The Nineth Circuit ruling created a loophole to sell psychoactive substances, like Delta-8, without an age limit, without a possession limit, and without any product safety or contamination standards.

Delta-8 is a cannabinoid found in cannabis but its natural quantities are low. Shortly after the glut of hemp and CBD oil in 2019 people started to synthesize the CBD oil into Delta-8 products. As of early 2021, Delta-8 was one of the fastest growing segments of products derived from hemp. The list of psychoactive substances derived from hemp keeps growing with Delta-8, Delta-10, THC-O, THC-P, etc. and they all fall under this loophole.

To recap recent history in this country: The voters in states that have legalized medical and recreational marijuana voted to regulate a psychoactive substance to patients and adults and to require the product be tested for potency and contamination. Then the 2018 Farm bill legalized hemp nationally. The understanding at the time was THC (Delta-9) was THE psychoactive substance. With hemp being define as 0.3% THC, the assumption was no one would ever get high from hemp products. That was obviously a wrong assumption…

When Delta-8 came on the market some states banned or regulated it while most have done nothing. Most people do not know what delta-8 is. Some products make it more confusing, like Delta-8 Flower. Most people I have talked to that have purchased it say they think it’s ‘natural’ and ‘grown that way’. What most don’t know is ‘Delta-8 flower’ is hemp flower sprayed with delta-8, and in many cases, it has not been tested for chemical residuals, pesticides, metals, or for potency other than THC (Delta-9). The lack of understanding of the product has led to product safety issues.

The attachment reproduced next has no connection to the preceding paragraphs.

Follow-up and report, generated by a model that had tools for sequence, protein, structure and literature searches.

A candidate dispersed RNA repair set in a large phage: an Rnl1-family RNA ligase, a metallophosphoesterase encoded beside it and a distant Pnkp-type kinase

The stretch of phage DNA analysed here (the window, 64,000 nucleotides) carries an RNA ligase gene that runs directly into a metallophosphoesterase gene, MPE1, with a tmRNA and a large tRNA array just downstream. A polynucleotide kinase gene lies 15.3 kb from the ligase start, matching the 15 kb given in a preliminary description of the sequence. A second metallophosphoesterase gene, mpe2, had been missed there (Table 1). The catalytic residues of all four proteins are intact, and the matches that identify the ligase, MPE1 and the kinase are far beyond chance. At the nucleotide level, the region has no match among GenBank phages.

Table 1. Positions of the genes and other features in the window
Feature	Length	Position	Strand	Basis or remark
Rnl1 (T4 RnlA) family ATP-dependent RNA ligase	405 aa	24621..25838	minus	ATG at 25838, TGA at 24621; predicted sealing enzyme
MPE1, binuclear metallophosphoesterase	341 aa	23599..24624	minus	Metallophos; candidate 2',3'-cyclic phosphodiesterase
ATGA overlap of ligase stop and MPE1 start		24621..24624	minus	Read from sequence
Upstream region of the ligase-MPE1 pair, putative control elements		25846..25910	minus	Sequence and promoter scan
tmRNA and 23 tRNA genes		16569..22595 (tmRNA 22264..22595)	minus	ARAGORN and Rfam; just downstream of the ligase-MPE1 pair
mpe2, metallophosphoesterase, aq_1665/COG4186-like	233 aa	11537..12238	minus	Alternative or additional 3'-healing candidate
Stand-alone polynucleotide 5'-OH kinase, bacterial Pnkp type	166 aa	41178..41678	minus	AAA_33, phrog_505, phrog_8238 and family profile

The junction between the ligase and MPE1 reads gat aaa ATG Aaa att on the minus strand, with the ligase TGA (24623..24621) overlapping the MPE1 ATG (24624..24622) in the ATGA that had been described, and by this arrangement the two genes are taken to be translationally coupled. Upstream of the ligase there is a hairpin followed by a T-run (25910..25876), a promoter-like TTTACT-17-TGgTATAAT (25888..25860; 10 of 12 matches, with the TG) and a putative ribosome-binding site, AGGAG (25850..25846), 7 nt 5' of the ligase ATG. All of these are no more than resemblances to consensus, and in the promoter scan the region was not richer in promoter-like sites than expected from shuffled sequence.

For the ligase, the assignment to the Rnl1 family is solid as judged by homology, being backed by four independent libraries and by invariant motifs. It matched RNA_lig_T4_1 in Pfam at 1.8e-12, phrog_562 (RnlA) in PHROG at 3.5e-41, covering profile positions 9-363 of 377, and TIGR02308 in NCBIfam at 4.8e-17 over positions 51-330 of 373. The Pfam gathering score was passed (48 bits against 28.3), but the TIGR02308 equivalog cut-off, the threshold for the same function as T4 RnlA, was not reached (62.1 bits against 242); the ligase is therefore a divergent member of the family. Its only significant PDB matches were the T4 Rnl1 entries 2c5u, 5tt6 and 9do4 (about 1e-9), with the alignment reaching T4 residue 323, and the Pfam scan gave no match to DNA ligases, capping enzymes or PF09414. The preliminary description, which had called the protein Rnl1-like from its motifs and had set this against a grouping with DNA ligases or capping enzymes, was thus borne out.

As of November 21, 2022 – 21 states have banned or regulated delta-8 while four are reviewing its legal status. Currently Delta-8 is legal in 29 states and DC, but that might all be coming to an end with another federal ruling.

‘A federal judge threw out a lawsuit against Kansas’ governor and attorney general that alleged $120,000 worth of delta-8 THC products destroyed by police were legal.’

In dismissing the suit Tuesday, the judge wrote that, “in short, no part of the 2018 Farm Act demonstrates an unmistakable focus to benefit plaintiff or other unlicensed possessors and sellers of hemp products.

“The 2018 Farm Act does not create a private right for plaintiff to (possess) and sell hemp and hemp products, either under Section 1983 or as an implied cause of action under the 2018 Farm Act itself.”

The question now is ‘what’s next?’. Is this the end of the Delta-8 loophole? If so how do the feds enforce its new position. Many hemp operations will be impacted by this ruling and should prepare themselves for the change.

Author:
Alex Hearding
Chief Risk Management Officer

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